At what point does a film become a fun-fair ride? That’s one of the questions posed by Beowulf, the terrifically entertaining new film by Robert Zemeckis that uses performance capture and 3D technology to make a visceral impact on the senses.

When King Hrothgar’s (Anthony Hopkins) 6th century Danish kingdom is threatened by a bizarre bloodthirsty monster (Crispin Glover) he turns to the legendary hero Beowulf (Ray Winstone) to take on both the creature and its seductive demon mother (Angelina Jolie).

Based on an ancient epic poem, the film has been given an accessible working-over by cult graphic-novel writer Neil Gaiman and Pulp Fiction’s Roger Avary. Not having read the original obscure work I can’t vouch for the film’s faithfulness to the poem, but the result is a rip-roaring over-the-top experience that’s already a box-office hit in the US.

In Beowulf, the actors’ physical performances have been captured by a computer which in essence redraws them into photo-realistic animated characters. While in some cases the characters’ looks are entirely imaginary (chubby 50-something actor Ray Winstone is reborn as a buff blonde stud) others appear remarkably like the original performers (the sexy demon mother looks uncannily like Angelina Jolie). It can be a little unsettling: At times it all looks overwhelmingly realistic while at others the animation becomes very apparent.

Look out for Beowulf fighting entirely naked in his first battle against the monster, complete with lingering shots of his muscled body (although any views of his nether regions are conveniently blocked by well placed objects – ala Austin Powers). It seems pretty gratuitous, but I’m not complaining. I’ll admit however that it’s rather odd to feel hints of desire for an on-screen persona that doesn’t physically exist – not even off-screen.

The animators also went to town on Angelina Jolie’s eerily seductive simulacrum (which spends all its screen time in the buff) making the Demon Mother the most immaculately rendered of all the characters.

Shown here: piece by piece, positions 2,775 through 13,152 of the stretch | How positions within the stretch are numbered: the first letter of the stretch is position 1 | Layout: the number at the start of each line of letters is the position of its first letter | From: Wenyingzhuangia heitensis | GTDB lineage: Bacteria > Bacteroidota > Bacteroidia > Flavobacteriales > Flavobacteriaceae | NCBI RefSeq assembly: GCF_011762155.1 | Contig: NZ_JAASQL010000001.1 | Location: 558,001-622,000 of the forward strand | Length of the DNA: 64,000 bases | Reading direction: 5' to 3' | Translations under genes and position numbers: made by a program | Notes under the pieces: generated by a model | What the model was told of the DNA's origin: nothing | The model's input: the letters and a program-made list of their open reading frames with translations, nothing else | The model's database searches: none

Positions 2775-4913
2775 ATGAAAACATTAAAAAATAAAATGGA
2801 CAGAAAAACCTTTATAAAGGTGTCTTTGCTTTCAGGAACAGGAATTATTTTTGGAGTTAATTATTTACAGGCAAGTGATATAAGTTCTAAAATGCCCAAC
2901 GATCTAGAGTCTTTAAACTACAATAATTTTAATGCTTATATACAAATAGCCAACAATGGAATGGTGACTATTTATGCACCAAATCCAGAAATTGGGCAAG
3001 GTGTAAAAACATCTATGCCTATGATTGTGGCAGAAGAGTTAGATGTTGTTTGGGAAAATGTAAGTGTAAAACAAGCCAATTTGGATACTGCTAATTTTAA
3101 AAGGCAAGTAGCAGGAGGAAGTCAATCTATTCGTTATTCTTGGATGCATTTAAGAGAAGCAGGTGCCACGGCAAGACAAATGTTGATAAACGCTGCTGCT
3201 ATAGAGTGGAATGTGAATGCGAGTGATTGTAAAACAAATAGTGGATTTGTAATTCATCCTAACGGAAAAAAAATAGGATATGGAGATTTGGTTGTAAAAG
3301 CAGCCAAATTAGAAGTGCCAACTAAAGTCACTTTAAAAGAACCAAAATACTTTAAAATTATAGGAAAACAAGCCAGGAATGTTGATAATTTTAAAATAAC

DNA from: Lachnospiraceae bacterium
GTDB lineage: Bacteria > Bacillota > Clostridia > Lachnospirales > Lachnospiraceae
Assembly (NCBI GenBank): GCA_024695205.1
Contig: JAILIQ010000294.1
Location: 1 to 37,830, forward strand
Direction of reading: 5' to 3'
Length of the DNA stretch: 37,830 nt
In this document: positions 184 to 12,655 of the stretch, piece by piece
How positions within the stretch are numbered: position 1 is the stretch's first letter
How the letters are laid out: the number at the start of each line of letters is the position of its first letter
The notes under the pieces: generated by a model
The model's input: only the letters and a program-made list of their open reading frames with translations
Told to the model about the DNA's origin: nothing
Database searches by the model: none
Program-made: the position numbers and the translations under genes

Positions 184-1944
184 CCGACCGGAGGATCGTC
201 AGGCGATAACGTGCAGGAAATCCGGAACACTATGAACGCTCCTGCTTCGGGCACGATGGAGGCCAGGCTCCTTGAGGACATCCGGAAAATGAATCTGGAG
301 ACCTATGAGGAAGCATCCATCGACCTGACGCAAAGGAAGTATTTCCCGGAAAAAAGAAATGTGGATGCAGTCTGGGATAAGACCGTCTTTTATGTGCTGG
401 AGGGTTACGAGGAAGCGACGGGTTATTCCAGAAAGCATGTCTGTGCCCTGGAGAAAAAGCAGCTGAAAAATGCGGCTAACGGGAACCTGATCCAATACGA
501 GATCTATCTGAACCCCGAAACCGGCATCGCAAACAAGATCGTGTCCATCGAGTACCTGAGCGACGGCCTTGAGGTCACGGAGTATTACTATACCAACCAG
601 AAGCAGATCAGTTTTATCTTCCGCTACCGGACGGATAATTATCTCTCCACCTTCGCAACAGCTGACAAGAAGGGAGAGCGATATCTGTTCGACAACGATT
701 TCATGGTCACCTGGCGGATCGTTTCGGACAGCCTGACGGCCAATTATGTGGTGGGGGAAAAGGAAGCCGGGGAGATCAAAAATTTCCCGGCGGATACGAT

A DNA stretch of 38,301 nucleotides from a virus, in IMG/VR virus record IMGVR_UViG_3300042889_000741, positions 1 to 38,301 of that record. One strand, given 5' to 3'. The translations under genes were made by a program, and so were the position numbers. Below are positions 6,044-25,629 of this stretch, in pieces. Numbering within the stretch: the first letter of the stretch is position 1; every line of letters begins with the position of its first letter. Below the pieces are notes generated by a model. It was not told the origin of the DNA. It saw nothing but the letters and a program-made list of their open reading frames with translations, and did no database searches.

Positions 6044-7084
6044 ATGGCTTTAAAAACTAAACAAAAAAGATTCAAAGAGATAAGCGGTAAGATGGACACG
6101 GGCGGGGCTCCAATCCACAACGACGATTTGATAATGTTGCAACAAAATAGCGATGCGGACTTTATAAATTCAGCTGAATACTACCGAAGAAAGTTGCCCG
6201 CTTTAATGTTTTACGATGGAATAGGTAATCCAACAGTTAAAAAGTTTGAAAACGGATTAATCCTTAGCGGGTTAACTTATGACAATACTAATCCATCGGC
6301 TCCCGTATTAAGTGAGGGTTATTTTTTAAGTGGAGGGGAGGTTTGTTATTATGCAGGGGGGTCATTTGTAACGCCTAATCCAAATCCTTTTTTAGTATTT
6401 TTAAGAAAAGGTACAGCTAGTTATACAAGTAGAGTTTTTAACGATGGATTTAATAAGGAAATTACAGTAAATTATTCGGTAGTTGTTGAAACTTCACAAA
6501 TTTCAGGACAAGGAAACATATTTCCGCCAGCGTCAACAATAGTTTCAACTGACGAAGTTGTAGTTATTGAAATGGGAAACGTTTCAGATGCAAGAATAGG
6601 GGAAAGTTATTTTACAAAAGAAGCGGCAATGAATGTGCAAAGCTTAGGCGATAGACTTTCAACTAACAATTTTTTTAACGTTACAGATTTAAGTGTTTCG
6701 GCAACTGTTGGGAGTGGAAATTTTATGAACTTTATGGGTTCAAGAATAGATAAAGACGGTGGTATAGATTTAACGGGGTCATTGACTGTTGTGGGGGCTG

The overall effect of the performance capture animation is remarkable; giving Beowulf a stylized and very unique pseudo-realism that ultimately looks gorgeously rich and lush.

The film’s biggest triumph is in its use of a new 3D technology – one that produces the most impressive 3D effects I’ve ever seen in a film. Yes, ridiculous special glasses are still a requirement – they’re given to you when you enter the cinema – but these no longer use red and green lenses like in days of old. (Remember to take them off after leaving the theatre or you risk being ridiculed.)

There are moments when the filmmakers’ choice of camera angle or movement is obviously gimmicky: Meant no doubt to make the best use of the 3D illusion but this often throws the audience out of the rhythm of the story. It’s here where you might wonder if you’re watching a film or engaging in a game or some kind of ride. Despite this, Beowulf maintains sufficient integrity in its storytelling and performances to still be enjoyed in a traditional cinema.

Sadly, it is in a traditional cinema where most audiences in South Africa will see the film. While it has opened in the US on around 1000 3D screens we have been treated to only two such theaters: at Gateway in Umhlanga, Durban and at The Zone in Rosebank, Johannesburg.

I would strongly recommend that you make the effort to see Beowulf in 3D if at all possible. It will clearly illustrate why so many in Hollywood are looking to this technology to stave off the threat of DVD and online pirating and draw people back into cinemas.

Beowulf both aims to re-invent the spectacle of cinema and to entertain with a well-crafted story. And it largely succeeds with aplomb. Could this be the future of filmmaking? Watch this space…

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